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Trademark Case Study: Pat Flynn of Smart Passive Income

Pat Flynn is a big deal in the world of online business and marketing. He often speaks about his unexpected start as an entrepreneur, a story that includes some interesting lessons about trademarks. Whether or not you’re familiar with Pat and his work, I hope his story will be useful.

A few things I’d like to get out of the way before we start:

  1. I’m a fan of Pat’s work. I read his blog over at smartpassiveincome.com and listen to his podcasts Smart Passive Income, Ask Pat, and 1 Day Business Breakthrough. Check out his stuff, you’ll be happy you did.
  2. Although we both live in San Diego, I’ve never met Pat. However, because I’ve read his words and heard his voice so often, and because he just comes off like a friendly guy, I feel comfortable calling him “Pat.” I thought about using “Mr. Flynn” for this blog post, but that seems too formal. So “Pat” it is. I trust my readers will forgive these occasional stylistic liberties.

The Background

Back in 2007, Pat was working for an architecture firm. To advance his career, he decided to take the exam to become a LEED (Leadership in Energy and Environmental Design) Accredited Professional. It’s a notoriously tough exam, so he created a blog, in his words, “to help me keep track of my notes and to hold me accountable.”

Pat passed the test, got certified, and within a few months, the 2008 recession hit and he was laid off.

While trying to figure out what to do next, he noticed that his LEED study blog was still getting a lot of traffic. Lots of other folks were looking for this information. He decided to see if he could turn this blog into a successful online business.

Pat started by putting some ads up on the site, which created a trickle of income. He then put his head down and created a LEED exam study guide ebook, which generated almost $8000 in sales the month it was launched*. He hasn’t looked back since.

For more detail on this story, check out his 2012 blog post The History of My First Online Business.

That’s Great, But Wasn’t There Supposed to be a Trademark Issue in this Case Study?

Yup. Pat’s blog was hosted at the domain name intheleed.com. It turns out that the term LEED is a registered trademark owned by the U.S. Green Building Council.

LEED Trademark Registration

Shortly after launching his business, Pat received a cease and desist letter from U.S. Green Building Council’s attorneys demanding that he take down his site intheleed.com within a week.

Pat didn’t intend to infringe on anybody’s trademark. He’d only just started his online business. I’m willing to bet that, like most normal, well-adjusted people, he’d hardly given much thought to trademarks before he received this letter.


I Have to Cease AND Desist?

Pat hired a lawyer that very day to talk through his options. From his 2012 blog post If I Had to Start Over…This Is What I’d Do Differently:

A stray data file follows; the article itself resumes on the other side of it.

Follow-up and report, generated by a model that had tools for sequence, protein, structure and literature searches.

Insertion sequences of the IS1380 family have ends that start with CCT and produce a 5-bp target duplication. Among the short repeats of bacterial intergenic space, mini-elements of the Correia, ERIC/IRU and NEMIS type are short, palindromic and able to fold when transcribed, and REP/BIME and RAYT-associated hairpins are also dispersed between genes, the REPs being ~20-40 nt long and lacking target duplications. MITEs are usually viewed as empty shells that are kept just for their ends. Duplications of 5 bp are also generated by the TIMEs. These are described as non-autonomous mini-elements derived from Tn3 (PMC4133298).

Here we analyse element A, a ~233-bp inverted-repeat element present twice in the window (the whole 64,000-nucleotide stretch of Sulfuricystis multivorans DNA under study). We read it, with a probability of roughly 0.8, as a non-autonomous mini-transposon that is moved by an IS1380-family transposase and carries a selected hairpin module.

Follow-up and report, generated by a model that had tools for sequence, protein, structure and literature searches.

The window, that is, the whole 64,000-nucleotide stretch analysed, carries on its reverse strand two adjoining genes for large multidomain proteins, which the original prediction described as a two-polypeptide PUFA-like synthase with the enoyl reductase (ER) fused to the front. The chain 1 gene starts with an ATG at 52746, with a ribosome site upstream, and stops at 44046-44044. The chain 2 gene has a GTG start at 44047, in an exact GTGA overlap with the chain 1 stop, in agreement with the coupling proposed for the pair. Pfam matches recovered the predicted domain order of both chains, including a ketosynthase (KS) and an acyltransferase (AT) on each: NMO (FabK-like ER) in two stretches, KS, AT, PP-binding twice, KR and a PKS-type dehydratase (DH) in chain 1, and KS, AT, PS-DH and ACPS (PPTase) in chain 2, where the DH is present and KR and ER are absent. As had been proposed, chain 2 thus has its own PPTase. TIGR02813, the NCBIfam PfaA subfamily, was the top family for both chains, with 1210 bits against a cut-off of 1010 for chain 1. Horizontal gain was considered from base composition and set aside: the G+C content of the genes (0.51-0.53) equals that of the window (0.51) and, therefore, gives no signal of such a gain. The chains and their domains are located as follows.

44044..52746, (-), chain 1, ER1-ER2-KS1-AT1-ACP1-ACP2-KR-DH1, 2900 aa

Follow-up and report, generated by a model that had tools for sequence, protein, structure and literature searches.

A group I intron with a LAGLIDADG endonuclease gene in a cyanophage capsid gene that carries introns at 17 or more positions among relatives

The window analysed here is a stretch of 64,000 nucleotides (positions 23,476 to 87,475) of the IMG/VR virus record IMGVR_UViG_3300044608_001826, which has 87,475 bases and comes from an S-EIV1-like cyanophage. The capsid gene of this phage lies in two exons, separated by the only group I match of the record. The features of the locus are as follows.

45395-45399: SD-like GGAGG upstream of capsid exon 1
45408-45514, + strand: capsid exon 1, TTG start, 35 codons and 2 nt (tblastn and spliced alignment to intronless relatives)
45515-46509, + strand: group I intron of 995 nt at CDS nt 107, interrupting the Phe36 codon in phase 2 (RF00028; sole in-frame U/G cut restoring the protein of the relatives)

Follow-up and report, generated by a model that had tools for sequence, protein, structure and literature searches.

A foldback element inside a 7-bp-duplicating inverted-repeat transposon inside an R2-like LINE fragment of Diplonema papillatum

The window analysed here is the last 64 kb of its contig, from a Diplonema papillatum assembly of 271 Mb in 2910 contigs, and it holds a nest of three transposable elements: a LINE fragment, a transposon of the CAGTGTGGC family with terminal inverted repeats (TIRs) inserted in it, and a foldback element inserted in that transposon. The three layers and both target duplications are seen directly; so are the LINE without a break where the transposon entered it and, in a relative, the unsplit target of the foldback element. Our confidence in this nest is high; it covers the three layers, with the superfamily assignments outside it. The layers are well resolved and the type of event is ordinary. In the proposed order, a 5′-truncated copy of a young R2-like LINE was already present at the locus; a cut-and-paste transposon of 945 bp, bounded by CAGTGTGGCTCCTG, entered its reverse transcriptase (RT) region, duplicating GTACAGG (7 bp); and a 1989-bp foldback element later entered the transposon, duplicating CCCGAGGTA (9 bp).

I was basically told that I did have a slim chance of keeping the domain name if I wanted to fight for it – but it wasn’t worth the stress, price and hassle, so I was (er, my lawyer was) able to negotiate that I simply change the domain name – since the mark was the real issue.

So what did Pat do? Did he panic (well, maybe, but not for long)? Did he give up? No, he pivoted, bought a new domain name, GreenExamAcademy.com, and redirected visitors from intheleed.com to the new domain.

All good, right? Not so fast…from the same blog post:

All seemed well, until I was contacted AGAIN with another letter saying that even the redirect was technically still a use of the trademark, so I had to get rid of the 301 redirect and close the domain.

Luckily, enough time went by that Google picked up on the new site so I maintained MOST of my rankings and traffic.

Definitely a learning experience…

Living Happily Ever After

It all worked out for Pat in the long run. GreenExamAcademy.com is still going strong and bringing in thousands of dollars a month in passive income.

Green Exam Academy

And he was able to parlay this experience into success in a variety of other online ventures. Including, of course, Smart Passive Income, which is a registered trademark owned by his company Flynndustries, LLC. SMART PASSIVE INCOME is registered in class 041 for “On-line journals, namely, blogs featuring online business and marketing advice.”

Smart Passive Income Trademark Registration


Pat’s story provides us with two main lessons:

  1. Online entrepreneurs would be wise to educate themselves about the basics of trademark law.
  2. If it turns out you can’t use your preferred domain name or brand name because of a trademark conflict, your dreams of business success are still alive; there’s always another option out there.

I’ll wrap it up in Pat’s own words, as I couldn’t have written it better myself:

Don’t use a trademark in a domain name unless you have the rights or license to do so.

Want more tips? Click here to download my free checklist Intellectual Property for Entrepreneurs.


* This is all public info; like some other online business types, Pat publishes a monthly income report on his website.

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